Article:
GAA President Liam O'Neill believes the association's recently introduced punishment for racist or sectarian abuse is "not adequate" and says a motion to strengthen it will be sent to Congress.

Cavan player Gearoid McKiernan was banned for two games after being shown a red card for making comments of a sectarian nature to Monaghan's Drew Wylie in a McKenna Cup clash between the counties.

McKiernan later made an apology to Wylie, which was accepted.

"We abhor any form of abuse of our players, whether it be racial, or sectarian, or anything that somebody can't change,” O'Neill said at the launch of the Allianz Leagues.

“You can't change your religion, you can't change your ethnic origin, and sometimes you can't change your body size. Any insult like that is reprehensible.

“The organisation is upset about it, I'm upset about it and on behalf of the organisation I would just like to say we're very, very sorry it happened to him. I can't be any more straight about it. I was shocked, disappointed for him.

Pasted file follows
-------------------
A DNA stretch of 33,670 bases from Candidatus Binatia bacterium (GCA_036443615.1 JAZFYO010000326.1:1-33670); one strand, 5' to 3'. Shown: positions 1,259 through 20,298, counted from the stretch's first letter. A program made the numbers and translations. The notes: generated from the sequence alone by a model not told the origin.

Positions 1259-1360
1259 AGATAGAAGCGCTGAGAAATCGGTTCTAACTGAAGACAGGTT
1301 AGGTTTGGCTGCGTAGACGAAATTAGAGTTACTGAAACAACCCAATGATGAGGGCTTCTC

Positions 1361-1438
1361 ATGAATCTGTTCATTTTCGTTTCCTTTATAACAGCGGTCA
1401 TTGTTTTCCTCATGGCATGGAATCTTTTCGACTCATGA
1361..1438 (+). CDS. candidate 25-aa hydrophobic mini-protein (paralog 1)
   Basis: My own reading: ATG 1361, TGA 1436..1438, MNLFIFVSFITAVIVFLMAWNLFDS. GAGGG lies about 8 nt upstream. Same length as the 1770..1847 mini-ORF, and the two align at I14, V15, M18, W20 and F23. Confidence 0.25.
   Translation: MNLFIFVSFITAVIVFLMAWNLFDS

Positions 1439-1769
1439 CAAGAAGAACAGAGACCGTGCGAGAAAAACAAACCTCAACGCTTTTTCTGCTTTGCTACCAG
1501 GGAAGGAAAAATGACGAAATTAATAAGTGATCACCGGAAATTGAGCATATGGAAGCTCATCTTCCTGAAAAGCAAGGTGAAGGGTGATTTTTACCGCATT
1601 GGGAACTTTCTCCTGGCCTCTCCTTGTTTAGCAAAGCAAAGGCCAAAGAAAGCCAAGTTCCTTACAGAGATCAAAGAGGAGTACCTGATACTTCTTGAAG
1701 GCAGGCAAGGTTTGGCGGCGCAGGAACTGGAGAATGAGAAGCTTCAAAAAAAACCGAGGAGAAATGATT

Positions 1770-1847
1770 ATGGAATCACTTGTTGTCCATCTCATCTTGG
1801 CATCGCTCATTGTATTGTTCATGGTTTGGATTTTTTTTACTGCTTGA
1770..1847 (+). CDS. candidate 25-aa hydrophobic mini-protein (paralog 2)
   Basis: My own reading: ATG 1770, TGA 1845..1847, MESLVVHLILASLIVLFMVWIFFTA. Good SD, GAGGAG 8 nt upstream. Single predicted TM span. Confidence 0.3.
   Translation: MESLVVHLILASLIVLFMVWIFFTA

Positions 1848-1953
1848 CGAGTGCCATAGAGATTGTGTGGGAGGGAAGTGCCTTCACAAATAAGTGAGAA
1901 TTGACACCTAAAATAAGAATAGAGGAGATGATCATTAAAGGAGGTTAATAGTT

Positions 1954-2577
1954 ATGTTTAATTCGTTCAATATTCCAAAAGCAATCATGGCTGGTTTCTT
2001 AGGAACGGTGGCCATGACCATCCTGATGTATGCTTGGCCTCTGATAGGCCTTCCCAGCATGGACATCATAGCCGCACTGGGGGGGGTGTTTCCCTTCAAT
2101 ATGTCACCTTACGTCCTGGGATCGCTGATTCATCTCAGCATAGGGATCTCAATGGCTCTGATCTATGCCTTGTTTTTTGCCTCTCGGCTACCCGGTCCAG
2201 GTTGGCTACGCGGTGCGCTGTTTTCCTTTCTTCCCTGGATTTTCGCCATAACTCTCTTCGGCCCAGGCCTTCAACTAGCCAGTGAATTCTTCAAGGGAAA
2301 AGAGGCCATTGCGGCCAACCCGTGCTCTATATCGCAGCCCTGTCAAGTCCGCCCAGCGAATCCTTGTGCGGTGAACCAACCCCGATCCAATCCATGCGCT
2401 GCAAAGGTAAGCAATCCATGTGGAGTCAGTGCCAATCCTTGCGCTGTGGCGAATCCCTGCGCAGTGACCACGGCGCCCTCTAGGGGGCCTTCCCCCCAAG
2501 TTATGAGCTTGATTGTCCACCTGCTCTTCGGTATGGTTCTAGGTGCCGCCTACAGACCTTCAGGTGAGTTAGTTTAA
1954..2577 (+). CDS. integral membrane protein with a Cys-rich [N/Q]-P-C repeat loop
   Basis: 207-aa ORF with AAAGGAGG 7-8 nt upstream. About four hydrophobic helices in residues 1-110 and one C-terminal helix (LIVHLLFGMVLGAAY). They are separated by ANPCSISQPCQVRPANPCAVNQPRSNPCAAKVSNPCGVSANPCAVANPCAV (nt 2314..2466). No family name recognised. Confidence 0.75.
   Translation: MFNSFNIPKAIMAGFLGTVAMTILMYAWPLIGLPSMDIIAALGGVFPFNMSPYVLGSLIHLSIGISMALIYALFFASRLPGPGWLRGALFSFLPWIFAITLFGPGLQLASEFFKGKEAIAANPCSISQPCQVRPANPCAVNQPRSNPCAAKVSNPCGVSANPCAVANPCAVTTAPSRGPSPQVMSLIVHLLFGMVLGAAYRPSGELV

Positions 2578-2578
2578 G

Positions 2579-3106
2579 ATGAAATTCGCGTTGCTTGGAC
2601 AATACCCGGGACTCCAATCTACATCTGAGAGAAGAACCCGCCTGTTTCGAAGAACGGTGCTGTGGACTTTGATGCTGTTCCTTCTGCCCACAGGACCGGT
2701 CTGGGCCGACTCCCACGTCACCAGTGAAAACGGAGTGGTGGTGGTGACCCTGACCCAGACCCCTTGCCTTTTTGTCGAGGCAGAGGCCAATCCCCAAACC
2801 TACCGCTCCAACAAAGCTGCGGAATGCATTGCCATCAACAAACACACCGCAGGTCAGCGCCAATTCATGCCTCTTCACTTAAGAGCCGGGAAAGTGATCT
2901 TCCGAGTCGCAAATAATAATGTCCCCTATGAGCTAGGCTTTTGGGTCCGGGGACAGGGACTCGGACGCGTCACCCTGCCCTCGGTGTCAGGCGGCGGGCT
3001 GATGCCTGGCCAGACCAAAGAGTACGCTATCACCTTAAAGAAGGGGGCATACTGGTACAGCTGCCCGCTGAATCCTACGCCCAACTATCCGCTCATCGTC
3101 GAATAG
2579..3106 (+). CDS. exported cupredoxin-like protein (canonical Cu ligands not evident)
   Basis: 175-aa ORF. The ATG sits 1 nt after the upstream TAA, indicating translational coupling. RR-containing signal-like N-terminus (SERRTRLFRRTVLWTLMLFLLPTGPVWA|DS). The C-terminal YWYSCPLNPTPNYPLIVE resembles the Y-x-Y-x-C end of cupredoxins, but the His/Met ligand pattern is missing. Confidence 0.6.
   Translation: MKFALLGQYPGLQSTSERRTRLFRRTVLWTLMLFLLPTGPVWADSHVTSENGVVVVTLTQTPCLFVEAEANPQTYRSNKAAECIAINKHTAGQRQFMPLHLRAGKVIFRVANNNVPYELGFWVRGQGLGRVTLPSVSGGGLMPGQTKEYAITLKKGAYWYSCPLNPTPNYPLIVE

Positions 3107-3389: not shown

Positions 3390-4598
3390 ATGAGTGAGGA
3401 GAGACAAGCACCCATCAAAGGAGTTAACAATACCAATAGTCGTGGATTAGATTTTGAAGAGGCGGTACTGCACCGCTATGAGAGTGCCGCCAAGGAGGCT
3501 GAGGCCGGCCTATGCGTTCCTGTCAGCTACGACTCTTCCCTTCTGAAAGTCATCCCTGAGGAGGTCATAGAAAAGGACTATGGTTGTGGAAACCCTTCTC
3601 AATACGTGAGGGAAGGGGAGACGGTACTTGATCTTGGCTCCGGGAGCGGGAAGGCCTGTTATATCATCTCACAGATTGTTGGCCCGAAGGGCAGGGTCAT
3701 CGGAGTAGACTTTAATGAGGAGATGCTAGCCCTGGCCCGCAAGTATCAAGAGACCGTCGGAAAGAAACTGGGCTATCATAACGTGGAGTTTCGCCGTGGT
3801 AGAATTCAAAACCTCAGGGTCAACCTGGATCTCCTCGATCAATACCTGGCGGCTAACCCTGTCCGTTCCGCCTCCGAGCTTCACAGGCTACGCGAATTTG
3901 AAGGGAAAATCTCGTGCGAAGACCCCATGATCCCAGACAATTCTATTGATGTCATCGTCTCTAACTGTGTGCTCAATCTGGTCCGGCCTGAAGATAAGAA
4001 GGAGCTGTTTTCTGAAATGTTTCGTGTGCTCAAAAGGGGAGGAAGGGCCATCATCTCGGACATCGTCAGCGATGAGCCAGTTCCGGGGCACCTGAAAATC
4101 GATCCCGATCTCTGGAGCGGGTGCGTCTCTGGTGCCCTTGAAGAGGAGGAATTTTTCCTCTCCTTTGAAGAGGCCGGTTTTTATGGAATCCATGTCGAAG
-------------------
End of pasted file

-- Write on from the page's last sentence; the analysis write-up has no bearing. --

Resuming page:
The rule providing for a red card and ban for "acts by deed, word or gesture of a racist, sectarian or anti-inclusion/diversity nature" was only introduced last year, but O'Neill admits it already needs to be reviewed.

McKiernan has already served his ban after missing Cavan's final McKenna Cup games and O'Neill suggests that limiting suspension to the relevant competition is not a severe enough punishment.

“The rule that was acted on that you get the red card for an incident of racist or sectarian abuse, and the referee correctly applied the rule in this case and I want to commend him for that," O'Neill said.

“The rule at the moment is competition-specific and it's time-specific and the rule as it is in the rule book was applied perfectly by Ulster Council. We now accept that it's not adequate.

“We had reached the stage where we thought it was adequate, it's not adequate, and what we're going to do is deal with it immediately.

“There will be a motion to Congress to strengthen that rule and increase the punishment. I don't know whether it's possible or not, but I feel that when a player says something of this nature he should have to go on some sort of a programme, human relations or racial relations or whatever sort of programme you'd call it, where he would learn how to behave towards other people.

“I don't think it's acceptable that anybody should be abused in this manner and I think there should be a re-education process and we will be looking at that. I'm not quite sure yet whether we can enshrine that in law.

“I've often said that the mark of an organisation is how you deal with it when it happens. We had the rule, it was sent off correctly. We find out the rule wasn't adequate. We're quite prepared to immediately address that and I think that's all we can do."